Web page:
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Entries in Mohammad Mossadegh (2)


Rewriting Iran's History: The 1953 Coup, the CIA, the Clerics, and "Democracy" (Emery)

On Wednesday, The Washington Post published a re-presentation of the 19 August 1953 coup in Iran by Ray Takeyh, fellow of the Council on Foreign Relations and former State Department Official, "Clerics Responsible for Iran's Failed Attempts at Democracy". (The opening paragraphs of the article are at the bottom of this entry.)

Much has been written about the US involvement, notably through the Central Intelligence Agency in the overthrow of Prime Minister Mohammad Mossadegh and the support for renewed power of the Shah, but Takeyh writes, "The CIA's role in Mossadeq's demise was largely inconsequential. The institution most responsible for aborting Iran's democratic interlude was the clerical estate, and the Islamic Republic should not be able to whitewash the clerics' culpability."

Iran Cartoon of the Day: 1953 Speaks to 2010

EA's Chris Emery, a specialist on US-Iran relations, is not so sure that Takeyh's revision is accurate. Indeed, he is not even convinced that the primary aim is historical accuracy:

1. This opinion piece seems needlessly insensitive at a time when many ordinary Iranians would take heart from a note of contrition from US-based observers --- which is reasonable, even according to the version of events presented by Takeyh. In timing and in tone, this is an extremely provocative (but not intellectually rigourous) attempt to re-frame a genuine area for historical debate. I would expect it from a professional polemicist, but not one with an academic pedigree. It reads like scholarly sabre rattling, which in my mind compliments much of the other kind we have seen recently.

2. Are ordinary Americans being told they shouldn't apologise for trying to remove democratically elected leaders as long as their removal is reliant on other factors as well? Is intent irrelevant?

3. Is Takeyh consciously trying to establish a wider historical context for the belief that Iran's suffering is entirely self-inflicted by the "Mullahs"? Clearly this will resonate well with many opposed to engagement between the US and Iran.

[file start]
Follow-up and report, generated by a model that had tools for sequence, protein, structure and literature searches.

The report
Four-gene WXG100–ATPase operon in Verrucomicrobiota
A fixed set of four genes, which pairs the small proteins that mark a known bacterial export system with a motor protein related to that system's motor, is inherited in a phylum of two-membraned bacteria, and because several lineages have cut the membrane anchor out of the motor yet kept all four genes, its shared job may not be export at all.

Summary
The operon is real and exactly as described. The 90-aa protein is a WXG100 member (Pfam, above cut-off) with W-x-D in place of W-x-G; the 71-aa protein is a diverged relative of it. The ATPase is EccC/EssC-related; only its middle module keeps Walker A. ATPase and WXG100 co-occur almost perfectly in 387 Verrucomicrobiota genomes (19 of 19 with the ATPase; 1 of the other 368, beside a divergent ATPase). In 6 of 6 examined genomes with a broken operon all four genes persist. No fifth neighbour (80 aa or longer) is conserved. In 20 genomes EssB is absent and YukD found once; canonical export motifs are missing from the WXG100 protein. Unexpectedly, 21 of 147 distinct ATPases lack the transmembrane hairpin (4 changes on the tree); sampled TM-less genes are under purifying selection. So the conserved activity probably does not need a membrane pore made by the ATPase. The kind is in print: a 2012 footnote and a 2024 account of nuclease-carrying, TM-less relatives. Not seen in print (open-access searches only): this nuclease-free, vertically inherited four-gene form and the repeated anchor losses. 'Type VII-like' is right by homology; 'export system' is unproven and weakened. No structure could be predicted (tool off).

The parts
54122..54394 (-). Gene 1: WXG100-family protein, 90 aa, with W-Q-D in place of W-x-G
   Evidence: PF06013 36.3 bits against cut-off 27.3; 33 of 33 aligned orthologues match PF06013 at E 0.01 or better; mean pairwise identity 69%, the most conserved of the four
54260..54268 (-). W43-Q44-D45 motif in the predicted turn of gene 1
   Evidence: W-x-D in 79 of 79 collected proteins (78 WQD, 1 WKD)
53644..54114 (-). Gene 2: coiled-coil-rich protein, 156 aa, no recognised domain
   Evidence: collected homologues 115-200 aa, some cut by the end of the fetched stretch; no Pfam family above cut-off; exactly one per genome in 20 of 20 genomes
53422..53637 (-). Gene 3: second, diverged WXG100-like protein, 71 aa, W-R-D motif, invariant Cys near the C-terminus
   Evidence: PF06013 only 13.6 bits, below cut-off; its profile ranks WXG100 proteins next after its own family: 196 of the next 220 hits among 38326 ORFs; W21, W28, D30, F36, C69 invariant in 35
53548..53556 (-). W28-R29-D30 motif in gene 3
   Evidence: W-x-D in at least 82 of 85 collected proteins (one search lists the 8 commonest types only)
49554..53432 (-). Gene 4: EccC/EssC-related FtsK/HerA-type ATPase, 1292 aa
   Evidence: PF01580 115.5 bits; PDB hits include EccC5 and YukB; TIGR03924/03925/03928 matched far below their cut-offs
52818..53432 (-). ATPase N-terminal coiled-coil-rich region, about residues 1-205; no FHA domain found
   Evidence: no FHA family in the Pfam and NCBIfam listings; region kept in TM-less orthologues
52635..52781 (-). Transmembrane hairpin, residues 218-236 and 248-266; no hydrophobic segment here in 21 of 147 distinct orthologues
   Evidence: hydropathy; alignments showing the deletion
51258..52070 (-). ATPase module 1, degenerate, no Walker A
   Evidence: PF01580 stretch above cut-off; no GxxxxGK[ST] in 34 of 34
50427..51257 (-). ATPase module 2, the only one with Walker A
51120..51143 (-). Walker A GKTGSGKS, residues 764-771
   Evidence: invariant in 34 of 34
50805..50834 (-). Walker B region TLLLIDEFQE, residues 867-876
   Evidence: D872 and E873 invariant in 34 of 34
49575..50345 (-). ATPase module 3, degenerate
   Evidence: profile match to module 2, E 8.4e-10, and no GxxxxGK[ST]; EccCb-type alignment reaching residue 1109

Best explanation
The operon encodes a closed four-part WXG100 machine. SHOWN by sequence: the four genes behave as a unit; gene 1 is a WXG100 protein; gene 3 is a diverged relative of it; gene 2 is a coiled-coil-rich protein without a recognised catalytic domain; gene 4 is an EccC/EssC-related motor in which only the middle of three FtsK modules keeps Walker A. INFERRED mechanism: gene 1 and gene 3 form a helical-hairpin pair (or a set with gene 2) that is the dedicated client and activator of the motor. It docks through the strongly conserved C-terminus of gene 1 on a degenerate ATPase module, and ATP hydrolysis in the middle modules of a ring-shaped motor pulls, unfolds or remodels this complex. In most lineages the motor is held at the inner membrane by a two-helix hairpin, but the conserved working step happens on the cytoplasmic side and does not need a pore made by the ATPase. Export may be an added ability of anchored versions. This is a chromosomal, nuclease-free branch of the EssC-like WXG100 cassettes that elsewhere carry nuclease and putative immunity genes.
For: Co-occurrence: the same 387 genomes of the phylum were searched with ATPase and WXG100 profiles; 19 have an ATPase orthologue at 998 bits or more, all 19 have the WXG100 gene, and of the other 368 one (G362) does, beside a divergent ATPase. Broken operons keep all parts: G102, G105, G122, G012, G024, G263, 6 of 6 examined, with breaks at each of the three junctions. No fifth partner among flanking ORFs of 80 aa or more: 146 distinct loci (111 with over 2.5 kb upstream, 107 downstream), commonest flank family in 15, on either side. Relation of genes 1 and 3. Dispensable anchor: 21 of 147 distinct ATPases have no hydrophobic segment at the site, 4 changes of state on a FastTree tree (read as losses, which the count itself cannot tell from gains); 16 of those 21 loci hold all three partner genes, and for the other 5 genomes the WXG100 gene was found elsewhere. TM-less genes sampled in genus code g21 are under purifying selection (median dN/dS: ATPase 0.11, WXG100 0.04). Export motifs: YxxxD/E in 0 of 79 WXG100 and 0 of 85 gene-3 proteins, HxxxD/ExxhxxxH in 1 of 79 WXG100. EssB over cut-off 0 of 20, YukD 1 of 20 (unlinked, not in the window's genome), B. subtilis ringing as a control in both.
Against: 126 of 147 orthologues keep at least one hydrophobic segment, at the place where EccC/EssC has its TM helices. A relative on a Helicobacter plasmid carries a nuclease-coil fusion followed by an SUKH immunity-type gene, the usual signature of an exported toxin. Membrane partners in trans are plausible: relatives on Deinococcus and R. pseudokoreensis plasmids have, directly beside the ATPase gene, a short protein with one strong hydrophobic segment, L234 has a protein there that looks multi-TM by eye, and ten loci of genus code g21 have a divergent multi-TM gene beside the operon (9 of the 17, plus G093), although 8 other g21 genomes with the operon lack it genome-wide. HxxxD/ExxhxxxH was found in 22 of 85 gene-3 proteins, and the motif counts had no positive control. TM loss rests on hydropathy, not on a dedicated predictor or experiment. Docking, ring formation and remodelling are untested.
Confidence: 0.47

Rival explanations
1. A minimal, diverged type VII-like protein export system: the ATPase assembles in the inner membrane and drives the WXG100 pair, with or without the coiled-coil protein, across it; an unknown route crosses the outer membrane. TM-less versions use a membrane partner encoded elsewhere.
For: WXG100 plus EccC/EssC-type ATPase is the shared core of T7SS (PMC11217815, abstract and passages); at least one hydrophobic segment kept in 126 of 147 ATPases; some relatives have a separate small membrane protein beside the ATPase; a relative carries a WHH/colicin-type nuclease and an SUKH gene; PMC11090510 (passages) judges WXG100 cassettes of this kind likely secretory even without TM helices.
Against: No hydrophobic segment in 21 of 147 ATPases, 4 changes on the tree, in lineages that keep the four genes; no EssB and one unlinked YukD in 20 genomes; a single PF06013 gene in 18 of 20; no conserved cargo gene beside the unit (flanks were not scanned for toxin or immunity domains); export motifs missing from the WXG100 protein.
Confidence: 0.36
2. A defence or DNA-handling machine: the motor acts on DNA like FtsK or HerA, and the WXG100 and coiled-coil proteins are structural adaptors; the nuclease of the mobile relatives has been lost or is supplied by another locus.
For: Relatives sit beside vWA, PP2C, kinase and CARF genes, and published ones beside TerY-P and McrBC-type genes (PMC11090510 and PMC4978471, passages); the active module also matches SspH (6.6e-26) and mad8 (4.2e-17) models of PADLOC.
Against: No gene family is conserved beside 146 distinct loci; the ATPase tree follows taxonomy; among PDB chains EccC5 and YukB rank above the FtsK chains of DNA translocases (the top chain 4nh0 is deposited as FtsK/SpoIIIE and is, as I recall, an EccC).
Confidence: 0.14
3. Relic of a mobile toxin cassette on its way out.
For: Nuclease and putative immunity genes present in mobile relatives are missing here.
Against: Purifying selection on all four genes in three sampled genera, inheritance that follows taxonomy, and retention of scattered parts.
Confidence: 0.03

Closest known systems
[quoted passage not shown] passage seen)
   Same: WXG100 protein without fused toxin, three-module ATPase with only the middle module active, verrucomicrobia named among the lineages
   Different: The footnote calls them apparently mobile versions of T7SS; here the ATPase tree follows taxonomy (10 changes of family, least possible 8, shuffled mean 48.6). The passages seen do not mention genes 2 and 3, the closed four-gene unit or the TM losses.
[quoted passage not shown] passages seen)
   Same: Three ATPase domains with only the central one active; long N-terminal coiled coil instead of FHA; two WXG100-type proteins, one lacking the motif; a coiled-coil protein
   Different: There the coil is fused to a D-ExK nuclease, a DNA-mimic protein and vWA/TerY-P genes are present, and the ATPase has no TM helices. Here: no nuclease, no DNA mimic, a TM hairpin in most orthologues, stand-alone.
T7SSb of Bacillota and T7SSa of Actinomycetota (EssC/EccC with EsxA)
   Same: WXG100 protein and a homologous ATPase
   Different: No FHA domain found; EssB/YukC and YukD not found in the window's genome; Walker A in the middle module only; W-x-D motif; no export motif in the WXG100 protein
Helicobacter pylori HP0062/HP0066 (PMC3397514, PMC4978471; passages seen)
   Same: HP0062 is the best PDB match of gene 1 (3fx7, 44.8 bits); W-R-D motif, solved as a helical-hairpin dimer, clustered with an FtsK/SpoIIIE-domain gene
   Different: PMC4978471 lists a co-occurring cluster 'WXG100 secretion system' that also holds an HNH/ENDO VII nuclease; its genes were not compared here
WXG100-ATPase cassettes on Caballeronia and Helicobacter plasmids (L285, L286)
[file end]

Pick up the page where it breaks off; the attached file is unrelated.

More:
4. Considering the provocative headline, would it not have been better to devote more space to actually proving the allegation? Takeyh does not even direct the reader to recent scholarship that might support his conclusion. Instead we get precisely one sentence outlining how "the clerics" ousted Mossadegh: "Through their connections with the bazaar and their ability to galvanize the populace, they were instrumental in orchestrating the demonstrations that engulfed Tehran." He then seems to suggest that further proof lies in the hyperbole of Kermit Roosevelt, the CIA officer overseeing US covert operations, written more than 25 years after the events.

In other words Takeyh cannot find a US source acknowledging the pivotal role supposedly played by the clergy. He does not even acknowledge that the CIA possibly bribed Ayatollah Kashani, the former Speaker of the Majlis, with a large sum of money.

5. The final sentence of the piece --- "Responsibility for the suffocation of the Iranian peoples' democratic aspirations in the summer of 1953 lies primarily with those who went on to squash another democratic movement in the summer of 2009: the mullahs" --- is deliberately disingenuous, suggesting a link between the clerical elite then and now that Takeyh knows is false or at least far more complex (politically, doctrinally, and historically) than presented here.